I have been teaching English online to children in China for over a year now. While there have been many awesome benefits to this experience, there have also been a few bumps along the way. Some of these things were certainly to be expected and come naturally with any online or teaching experience in general. However, there are a few things that I wish I would have known about before signing my contract and undertaking this position, if not purely for my own contentedness. Teaching English online certainly has its positives, but, as with any job, the negatives, or shall I say, “challenges’, should be addressed.
Let’s start off on a positive note!
The biggest appeal of online teaching is the independence that it provides you with. By accepting a virtual job, you are no longer confined to a location and you certainly don’t have to go through the process of moving to another country for work- this means no visa applications, notarized degrees, flights, apartment searches, or sorting out essential versus non-essential for that single massive suitcase. Teaching English online allows you to teach from anywhere in the world that you want to be, provided you have a fast and stable internet connection. I have taught from Europe, North America, and Central America, mostly without an issue. I have been able to cross the globe for a family wedding, travel to new countries, and visit friends across the world, all while maintaining my job. Not many jobs allow for this.
With this benefit, though, comes a responsibility. The students are in China and, as such, the teaching hours do not change. This means that you must take time zones into account. While this may seem like a small, mundane detail, changing time zones can really mess with your body and your performance. Even if you are not regularly adjusting to time changes, you need to decide if the hours are compatible with your lifestyle. People living in North America, for example, will need to accept that the majority of their lessons will take place in the middle of the night- mine are typically between 1:00 and 9:00 in the morning. This is not for everyone, so remember to take this into account. If you have the freedom to be nomadic, choose your location (and time zone) wisely.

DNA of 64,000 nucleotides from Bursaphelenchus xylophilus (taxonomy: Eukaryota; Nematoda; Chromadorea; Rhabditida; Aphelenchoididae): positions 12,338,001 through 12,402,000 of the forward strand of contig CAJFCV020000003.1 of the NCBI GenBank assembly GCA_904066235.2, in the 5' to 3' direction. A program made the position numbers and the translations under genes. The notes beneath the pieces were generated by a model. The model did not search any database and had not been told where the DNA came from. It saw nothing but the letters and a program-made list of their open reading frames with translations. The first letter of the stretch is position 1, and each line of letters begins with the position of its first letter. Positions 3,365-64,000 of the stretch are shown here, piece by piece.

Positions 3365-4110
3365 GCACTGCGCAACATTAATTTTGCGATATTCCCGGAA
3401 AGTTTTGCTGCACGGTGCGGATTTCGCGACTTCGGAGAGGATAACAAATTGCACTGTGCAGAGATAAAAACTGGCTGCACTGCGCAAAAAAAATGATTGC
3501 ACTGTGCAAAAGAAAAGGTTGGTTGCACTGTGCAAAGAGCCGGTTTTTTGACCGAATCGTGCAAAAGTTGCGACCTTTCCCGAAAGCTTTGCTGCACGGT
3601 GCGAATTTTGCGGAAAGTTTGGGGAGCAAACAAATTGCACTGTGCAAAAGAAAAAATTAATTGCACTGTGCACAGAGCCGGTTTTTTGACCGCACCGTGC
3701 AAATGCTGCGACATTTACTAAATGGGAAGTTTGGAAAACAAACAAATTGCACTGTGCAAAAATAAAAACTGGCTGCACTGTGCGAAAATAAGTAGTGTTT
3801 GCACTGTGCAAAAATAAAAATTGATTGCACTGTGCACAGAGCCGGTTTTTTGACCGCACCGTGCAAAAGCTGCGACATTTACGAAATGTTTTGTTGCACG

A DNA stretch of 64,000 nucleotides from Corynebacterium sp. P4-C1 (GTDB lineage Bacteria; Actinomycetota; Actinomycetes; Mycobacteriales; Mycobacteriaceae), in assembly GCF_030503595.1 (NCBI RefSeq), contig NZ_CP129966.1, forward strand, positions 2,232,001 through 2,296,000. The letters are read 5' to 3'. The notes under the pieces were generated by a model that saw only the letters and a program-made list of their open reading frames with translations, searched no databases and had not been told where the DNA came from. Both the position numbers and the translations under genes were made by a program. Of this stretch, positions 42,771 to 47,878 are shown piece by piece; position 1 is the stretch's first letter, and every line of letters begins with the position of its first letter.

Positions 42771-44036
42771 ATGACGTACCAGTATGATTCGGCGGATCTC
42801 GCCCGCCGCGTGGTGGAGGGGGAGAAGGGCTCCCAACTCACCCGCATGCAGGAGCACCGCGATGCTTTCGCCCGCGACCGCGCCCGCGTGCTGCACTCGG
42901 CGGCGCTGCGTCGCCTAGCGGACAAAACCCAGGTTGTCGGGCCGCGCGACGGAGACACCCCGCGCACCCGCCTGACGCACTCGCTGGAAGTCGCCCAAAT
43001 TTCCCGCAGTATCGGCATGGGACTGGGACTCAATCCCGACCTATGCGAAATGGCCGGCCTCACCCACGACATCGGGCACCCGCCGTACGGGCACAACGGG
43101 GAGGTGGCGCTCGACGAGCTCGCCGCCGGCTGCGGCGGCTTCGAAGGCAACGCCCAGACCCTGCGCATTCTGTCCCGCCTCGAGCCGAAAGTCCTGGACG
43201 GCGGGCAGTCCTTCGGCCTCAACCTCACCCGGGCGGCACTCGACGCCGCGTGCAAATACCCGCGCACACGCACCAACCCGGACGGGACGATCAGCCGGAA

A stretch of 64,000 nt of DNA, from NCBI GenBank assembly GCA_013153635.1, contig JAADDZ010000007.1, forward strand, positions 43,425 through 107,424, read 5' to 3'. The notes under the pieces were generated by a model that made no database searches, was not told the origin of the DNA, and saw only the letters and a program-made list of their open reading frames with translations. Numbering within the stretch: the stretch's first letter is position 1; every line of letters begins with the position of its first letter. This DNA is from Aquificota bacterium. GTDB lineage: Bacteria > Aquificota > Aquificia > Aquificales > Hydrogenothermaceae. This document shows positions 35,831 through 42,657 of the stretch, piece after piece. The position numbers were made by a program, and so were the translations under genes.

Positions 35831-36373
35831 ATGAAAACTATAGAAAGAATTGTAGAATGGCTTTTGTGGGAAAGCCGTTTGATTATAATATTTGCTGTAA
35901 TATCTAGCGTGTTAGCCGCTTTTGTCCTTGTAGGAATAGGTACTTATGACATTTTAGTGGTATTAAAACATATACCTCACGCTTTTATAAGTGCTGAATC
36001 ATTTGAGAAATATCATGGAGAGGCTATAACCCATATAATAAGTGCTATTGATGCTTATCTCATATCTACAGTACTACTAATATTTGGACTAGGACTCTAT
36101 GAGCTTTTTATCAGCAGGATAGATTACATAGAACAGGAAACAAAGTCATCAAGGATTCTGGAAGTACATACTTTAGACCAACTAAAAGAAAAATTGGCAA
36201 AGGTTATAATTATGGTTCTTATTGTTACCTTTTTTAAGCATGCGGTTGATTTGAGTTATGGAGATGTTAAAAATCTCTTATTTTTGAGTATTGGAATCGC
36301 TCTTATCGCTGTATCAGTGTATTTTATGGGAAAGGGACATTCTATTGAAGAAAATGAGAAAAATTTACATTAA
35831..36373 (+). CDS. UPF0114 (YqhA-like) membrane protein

Another major pro to include in this list is the freedom of scheduling. Most online companies allow you to make your own schedule as you see fit- some will require you to open a minimum number of time slots during peak hours. This means that you can, in theory, work as many hours as you’d like, full or part-time. While this sounds like an absolute dream, you need to be aware that your open slots are not guaranteed to be filled. This will vary week-to-week, and larger, more established companies may be able to guarantee you more students. It’s important to remember that you are not typically given classes with online companies. Rather, you make a profile, open slots, then play the waiting game while parents decide if they want to book their kids with you. My experience has been split 50/50 as far as stability of classes goes: with one company, the number of classes was varied and always up in the air, while my current company has provided me with a fully-booked schedule every week. From this point of view, working with a big company is often considered more reliable.
The Challenges of Teaching English Online
While teaching online does give teachers more freedom in many ways, it also comes with a few stressors that can vary in importance, depending on the teacher and the situation. Apart from a lack of guaranteed hours in scheduling, it’s also a highly frequent occurrence to experience no-shows and last-minute cancellations. This can be very frustrating, as you sit in front of your computer and wait. Fortunately, most companies will still offer some degree of compensation if your student does not show-up for class, but having a large number of no-shows each month can make a huge difference for your paycheck. Be sure to read into the company’s no-show policy cancellation policy.
The last downside of teaching online is the seeming lack of ability to form a relationship. It’s true that teaching online doesn’t allow you to make tactile connections with your students and that, more often than not, you will teach random students every day (at least with the larger Chinese companies). This is not always true: I have many regular students who I look forward to speaking with each week and vise versa. However, proportionately, I see most students once before they bounce around from teacher to teacher. Students who are thinking of joining an online school also sign up for trial lessons, which you will teach, and often that will be the only time you see them. Personally, I teach at least three trials per day, averaging 60 per month. That is a lot of ‘one-off’ encounters. As is the case with any relationship, though, you get what you put into it, making the importance of impressing the student (and, moreover, his/her parents) a crucial aspect of online teaching.